This item by Andrew Levison was originally published on November 17, 2011.
In the coming days the Occupy Wall Street movement faces an extremely complex and difficult series of decisions about its strategy and tactics. It cannot simply repeat the initial tactic of occupying public spaces that it has employed up to now but it has not yet developed any clear alternative strategy for the future.
In debating their next steps the protesters – and the massive numbers of Americans who support them – will turn again and again to the history and example of the civil rights movement for guidance. Martin Luther King’s closest advisors including Jessie Jackson and Andrew Young have noted the clear historical parallels that exist between the two protest movements and both activists and observers will urgently seek to find lessons in the struggles of the past.
The discussion, however, will be hindered by the profoundly oversimplified vision that many people today have of how the victories of the civil rights movement were actually achieved. Most Americans have little more than a series of impressionistic images of the civil rights movement – police dogs and fire hoses unleashed against the demonstrators in Birmingham, Alabama in 1963, dramatic marches attacked by police in Selma, Alabama in 1965 and, across the south, sit-ins and freedom rides that rocked the region in the early years of the decade. In this vision, dramatic confrontations with the authorities appear to have been, in effect, the movement’s entire “strategy.”
But, in fact, behind every major campaign of the civil rights movement there was actually a very organized and coherent three-pronged strategy. To seriously seek guidance for the present in the struggles of the past, it is absolutely indispensible to understand the basic socio-political strategy that the movement employed.
The civil rights movement’s three-pronged strategy combined:
(1) Civil disobedience
(2) Grass-roots organizing and voter registration
(3) Boycotts and economic withdrawal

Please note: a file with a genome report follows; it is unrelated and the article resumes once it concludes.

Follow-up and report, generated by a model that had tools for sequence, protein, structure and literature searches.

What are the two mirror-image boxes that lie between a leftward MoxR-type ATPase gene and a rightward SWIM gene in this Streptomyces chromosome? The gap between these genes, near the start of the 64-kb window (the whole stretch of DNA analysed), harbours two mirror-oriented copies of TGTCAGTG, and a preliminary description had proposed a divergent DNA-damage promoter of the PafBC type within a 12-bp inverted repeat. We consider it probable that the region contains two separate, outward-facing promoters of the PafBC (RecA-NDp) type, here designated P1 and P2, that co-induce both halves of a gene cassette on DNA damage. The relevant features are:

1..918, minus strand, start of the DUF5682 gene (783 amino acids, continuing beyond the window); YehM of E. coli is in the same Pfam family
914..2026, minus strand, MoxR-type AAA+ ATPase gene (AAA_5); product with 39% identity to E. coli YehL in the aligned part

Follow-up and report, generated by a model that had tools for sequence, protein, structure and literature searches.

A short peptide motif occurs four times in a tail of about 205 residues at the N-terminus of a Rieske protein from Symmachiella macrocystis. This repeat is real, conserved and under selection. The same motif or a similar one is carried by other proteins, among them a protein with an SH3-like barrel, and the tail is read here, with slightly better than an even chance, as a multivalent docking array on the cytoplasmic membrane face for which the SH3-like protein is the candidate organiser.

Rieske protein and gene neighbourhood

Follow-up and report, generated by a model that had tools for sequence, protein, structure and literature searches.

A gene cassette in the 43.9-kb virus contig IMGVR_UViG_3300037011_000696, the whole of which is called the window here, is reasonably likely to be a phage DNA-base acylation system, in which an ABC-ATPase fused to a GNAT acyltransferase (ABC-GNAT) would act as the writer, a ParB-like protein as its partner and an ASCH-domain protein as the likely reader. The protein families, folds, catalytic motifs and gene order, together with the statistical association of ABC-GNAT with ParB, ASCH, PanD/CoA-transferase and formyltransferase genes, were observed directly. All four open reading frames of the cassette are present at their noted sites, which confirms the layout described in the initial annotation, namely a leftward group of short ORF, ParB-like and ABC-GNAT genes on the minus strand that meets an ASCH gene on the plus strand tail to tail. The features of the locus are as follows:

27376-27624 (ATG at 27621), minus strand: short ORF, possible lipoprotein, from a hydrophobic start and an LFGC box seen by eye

In every single major campaign of the civil rights movement – Montgomery, Birmingham, Selma — these three elements of the overall strategy were employed in a coherent, mutually supporting and reinforcing way. In contrast, no part of this coordinated approach was ever successful in isolation.
Seen in this light, there are indeed reasonable comparisons between the civil rights movement and the initial phase of Occupy Wall Street. OWS represents a modern application of civil disobedience, the first component of the civil rights movement’s three-pronged strategy. The essence of civil disobedience (also called “nonviolent direct action”) is the use of dramatic protests that disrupt normal activities and usually violate the law. They are designed to call attention to the existence of injustice and win public sympathy through the demonstrators willingness to risk danger and injury and to go to jail for their cause.
In the early phase of the civil rights movement the most extensive applications of civil disobedience were the freedom rides and the sit-in’s, actions that directly violated the morally unjust laws enforcing segregation. As the movement’s objectives turned to social and economic issues in the latter part of the 60’s, the targets of civil disobedience became more abstract and symbolic, culminating in the establishment of a tent city on the national mall during the Poor People’s Campaign.